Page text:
Tim Mensch

2 minute read

When I started to work on my first indie game under the Recharge Games banner, I wanted to start with an existing library. I’d just spent almost six years working on the Playground SDK for PlayFirst, and was sick to death of writing game engines.

After doing a survey of what was available for Android in May of 2010, though, I came to the conclusion that none of the contenders would do everything that I wanted. And so I started working on my own engine. It couldn’t take that long, right?

What I’d forgotten is that I’d been working on Playground for almost six years. Yes, I could do a lot of it faster now that a lot of the core concepts were clear to me, but it still takes time to do things right. And for some reason I just feel compelled to do things right whenever possible.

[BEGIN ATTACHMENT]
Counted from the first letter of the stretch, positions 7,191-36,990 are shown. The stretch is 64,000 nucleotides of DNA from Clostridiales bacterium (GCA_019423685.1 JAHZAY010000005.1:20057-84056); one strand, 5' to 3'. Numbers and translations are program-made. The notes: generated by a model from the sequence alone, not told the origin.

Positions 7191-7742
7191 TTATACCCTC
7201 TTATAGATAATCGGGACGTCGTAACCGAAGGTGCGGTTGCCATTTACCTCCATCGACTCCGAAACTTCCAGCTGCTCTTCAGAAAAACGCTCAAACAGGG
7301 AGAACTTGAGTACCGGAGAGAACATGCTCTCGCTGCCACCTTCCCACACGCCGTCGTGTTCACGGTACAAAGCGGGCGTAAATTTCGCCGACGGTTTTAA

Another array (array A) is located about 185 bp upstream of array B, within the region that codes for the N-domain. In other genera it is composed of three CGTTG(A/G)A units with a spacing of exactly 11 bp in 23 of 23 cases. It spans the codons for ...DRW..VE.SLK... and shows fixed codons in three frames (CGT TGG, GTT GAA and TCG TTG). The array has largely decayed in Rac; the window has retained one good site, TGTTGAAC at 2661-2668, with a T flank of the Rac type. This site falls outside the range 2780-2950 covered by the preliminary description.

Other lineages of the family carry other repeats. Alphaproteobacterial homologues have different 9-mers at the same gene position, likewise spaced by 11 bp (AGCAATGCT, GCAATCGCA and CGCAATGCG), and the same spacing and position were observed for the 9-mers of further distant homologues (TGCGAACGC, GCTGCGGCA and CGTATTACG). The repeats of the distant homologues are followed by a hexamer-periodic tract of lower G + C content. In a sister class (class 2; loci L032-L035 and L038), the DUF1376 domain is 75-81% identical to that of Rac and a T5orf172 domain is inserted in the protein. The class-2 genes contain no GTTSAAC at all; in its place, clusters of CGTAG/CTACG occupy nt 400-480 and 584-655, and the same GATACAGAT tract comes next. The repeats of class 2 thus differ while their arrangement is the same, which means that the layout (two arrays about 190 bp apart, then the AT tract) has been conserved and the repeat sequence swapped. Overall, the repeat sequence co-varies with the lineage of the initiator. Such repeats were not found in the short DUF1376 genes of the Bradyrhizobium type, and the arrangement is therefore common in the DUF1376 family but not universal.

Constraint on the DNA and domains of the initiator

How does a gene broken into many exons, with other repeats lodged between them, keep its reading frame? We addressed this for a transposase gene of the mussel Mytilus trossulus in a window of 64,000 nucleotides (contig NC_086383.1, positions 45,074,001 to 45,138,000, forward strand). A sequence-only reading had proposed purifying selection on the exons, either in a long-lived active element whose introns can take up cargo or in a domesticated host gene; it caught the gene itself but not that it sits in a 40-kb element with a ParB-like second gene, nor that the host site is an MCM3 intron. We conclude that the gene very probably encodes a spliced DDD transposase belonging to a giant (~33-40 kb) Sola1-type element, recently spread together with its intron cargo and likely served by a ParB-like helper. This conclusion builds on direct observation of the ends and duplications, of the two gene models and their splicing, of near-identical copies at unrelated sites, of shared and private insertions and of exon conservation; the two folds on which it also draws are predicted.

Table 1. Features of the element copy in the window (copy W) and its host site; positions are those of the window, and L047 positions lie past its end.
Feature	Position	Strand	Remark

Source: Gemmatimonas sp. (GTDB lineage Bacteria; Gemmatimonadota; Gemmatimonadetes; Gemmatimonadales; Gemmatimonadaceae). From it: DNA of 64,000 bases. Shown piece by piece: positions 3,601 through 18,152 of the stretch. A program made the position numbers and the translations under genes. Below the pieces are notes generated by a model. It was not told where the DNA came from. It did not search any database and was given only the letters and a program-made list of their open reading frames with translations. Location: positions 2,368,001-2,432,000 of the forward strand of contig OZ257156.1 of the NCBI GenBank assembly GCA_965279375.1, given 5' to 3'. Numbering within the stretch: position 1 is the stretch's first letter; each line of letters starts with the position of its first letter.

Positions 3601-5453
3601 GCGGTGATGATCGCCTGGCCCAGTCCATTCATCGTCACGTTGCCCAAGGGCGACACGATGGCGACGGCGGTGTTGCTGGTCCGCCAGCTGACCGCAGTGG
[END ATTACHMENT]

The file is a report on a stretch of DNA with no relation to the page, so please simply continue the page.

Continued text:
The Recharge game engine, QuickCharge, is used as the low-level foundation for NinJump on Android, which I ported for Backflip Studios; but it’s the higher-level features that seem to take the most time. And between contract work and the building of a library from scratch, it’s taken almost nine months between resigning from PlayFirst and seeing a nearly complete game take shape. But the engine will be there for the next game, and the game after that, so it’s a valuable asset. I’m just not good at being patient, and I want my game to be done now!

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